But when she saw that the floodwaters had overwhelmed the first floor of the multilevel complex — as high as five feet — Headrick went along peaceably. And gratefully, she said. Headrick was happy with the sandwiches she was given, the care from volunteers and to still be among her friends.
“Last week they gave us these special glasses to watch the eclipse and who would have thought we’d be here now,” she said.
Headrick said she “lived through Alicia and all the others” referencing storms dating to 1983. “But nothing this bad before. God promised he’d never do this again.”
President Trump flew to Texas on Tuesday, and he visited both Corpus Christi — near where the storm made landfall — and state officials in Austin. At one point, he shouted a message to a crowd outside a fire station in Corpus Christi.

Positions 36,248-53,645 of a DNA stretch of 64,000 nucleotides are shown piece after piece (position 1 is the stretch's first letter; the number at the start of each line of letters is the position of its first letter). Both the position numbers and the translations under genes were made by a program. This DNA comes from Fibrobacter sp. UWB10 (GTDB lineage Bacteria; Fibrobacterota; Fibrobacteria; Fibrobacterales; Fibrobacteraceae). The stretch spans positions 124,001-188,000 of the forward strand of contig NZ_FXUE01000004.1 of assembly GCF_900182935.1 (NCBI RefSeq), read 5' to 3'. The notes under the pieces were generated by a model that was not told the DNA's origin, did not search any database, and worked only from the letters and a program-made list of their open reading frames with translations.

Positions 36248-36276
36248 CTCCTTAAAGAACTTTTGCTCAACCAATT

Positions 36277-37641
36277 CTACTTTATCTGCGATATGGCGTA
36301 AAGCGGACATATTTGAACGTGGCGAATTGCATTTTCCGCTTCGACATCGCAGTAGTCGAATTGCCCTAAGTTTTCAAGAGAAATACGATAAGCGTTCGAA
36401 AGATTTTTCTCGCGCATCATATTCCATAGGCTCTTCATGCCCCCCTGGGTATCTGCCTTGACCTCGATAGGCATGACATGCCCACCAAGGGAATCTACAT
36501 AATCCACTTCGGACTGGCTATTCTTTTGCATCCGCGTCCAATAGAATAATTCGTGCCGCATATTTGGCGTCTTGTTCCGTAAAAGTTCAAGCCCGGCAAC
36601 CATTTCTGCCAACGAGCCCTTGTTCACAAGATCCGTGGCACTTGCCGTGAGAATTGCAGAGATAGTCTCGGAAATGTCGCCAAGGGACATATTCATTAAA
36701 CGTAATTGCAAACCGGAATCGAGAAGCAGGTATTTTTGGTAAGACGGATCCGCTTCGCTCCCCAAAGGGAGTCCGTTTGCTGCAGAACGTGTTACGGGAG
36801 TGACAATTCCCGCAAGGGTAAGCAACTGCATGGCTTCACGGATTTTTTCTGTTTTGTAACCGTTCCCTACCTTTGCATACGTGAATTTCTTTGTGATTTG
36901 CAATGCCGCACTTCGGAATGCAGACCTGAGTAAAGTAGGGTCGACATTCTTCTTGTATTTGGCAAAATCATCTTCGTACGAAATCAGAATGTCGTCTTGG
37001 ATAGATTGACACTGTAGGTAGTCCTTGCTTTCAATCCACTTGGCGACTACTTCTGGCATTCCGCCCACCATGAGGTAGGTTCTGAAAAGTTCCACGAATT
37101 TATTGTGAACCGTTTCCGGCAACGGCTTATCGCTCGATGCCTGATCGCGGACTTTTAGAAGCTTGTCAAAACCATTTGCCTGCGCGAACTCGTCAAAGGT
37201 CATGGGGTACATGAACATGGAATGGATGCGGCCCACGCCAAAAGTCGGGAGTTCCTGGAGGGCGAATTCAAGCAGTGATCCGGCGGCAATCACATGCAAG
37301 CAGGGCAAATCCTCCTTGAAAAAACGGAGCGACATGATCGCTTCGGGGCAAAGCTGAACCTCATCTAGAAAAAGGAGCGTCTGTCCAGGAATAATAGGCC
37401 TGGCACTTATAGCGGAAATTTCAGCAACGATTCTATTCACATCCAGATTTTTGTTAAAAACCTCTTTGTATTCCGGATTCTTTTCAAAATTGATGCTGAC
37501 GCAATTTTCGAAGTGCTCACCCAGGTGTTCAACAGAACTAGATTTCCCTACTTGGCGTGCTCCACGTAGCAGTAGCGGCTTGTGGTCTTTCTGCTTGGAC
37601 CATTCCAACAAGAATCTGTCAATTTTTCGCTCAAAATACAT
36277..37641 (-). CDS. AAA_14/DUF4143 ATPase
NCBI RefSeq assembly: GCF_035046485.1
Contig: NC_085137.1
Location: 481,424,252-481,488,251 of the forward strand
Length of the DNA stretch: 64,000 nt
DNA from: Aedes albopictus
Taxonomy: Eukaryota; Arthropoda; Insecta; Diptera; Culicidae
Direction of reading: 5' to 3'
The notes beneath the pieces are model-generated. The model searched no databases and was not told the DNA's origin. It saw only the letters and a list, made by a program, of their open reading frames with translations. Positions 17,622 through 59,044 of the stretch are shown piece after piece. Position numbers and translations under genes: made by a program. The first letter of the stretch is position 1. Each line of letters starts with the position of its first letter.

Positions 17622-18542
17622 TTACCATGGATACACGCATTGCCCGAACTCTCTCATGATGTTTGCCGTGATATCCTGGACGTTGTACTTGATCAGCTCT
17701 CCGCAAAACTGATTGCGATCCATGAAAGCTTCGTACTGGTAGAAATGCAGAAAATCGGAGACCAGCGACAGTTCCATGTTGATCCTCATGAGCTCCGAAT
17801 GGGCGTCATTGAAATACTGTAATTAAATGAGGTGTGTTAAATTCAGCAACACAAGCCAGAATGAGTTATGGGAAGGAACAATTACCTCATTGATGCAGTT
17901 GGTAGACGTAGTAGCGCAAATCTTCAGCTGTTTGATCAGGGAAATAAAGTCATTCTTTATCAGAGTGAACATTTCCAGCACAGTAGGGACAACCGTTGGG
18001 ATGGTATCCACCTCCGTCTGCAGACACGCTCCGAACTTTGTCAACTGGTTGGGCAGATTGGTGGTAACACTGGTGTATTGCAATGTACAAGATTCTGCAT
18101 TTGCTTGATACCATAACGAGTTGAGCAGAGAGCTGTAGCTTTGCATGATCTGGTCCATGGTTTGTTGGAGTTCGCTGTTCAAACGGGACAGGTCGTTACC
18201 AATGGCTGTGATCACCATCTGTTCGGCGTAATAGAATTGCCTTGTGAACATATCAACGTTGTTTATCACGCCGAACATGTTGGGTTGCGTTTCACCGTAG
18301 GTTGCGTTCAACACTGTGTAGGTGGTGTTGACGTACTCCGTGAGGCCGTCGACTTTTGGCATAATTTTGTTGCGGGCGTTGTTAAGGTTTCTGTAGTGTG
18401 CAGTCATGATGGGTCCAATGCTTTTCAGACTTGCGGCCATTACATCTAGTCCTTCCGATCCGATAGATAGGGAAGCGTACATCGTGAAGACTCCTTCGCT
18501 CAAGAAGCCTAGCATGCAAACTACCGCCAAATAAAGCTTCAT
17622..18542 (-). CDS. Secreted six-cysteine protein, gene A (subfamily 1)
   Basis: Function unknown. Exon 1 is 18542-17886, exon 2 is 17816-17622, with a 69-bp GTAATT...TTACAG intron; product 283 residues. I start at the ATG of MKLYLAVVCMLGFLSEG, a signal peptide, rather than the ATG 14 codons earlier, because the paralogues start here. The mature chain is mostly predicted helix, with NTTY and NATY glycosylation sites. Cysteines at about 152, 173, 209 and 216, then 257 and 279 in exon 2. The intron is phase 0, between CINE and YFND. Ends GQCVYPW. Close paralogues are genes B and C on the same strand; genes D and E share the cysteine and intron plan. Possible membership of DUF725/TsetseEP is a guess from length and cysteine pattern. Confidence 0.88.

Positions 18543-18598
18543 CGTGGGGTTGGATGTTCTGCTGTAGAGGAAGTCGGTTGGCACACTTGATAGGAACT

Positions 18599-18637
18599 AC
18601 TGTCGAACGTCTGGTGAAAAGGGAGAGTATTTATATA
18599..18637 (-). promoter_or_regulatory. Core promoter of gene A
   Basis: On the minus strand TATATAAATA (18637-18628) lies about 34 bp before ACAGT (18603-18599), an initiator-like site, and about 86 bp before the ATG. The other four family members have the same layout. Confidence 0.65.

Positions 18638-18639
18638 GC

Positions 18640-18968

“This is historic, it’s epic what happened. But you know what, it happened in Texas and Texas can handle anything,” he told the crowd, which applauded his remarks and cheered more loudly when he waved the Texas state flag.
The Labor Department on Tuesday announced that it had approved an initial $10 million grant to help with cleanup efforts in Texas. Trump on Monday declared “emergency conditions” in Louisiana, where the storm was headed next.
Before Harvey struck this weekend, the biggest recorded rainstorm in the continental United States had been Tropical Storm Amelia, which dumped 48 inches on Texas in 1978 (even larger storms have been recorded in Hawaii).
Harvey — which drifted out of the jet stream and spun around Houston like a top — smashed the record. By Tuesday afternoon, a rain gauge near Mont Belvieu, 40 miles east of Houston, had recorded 51.9 inches of rain.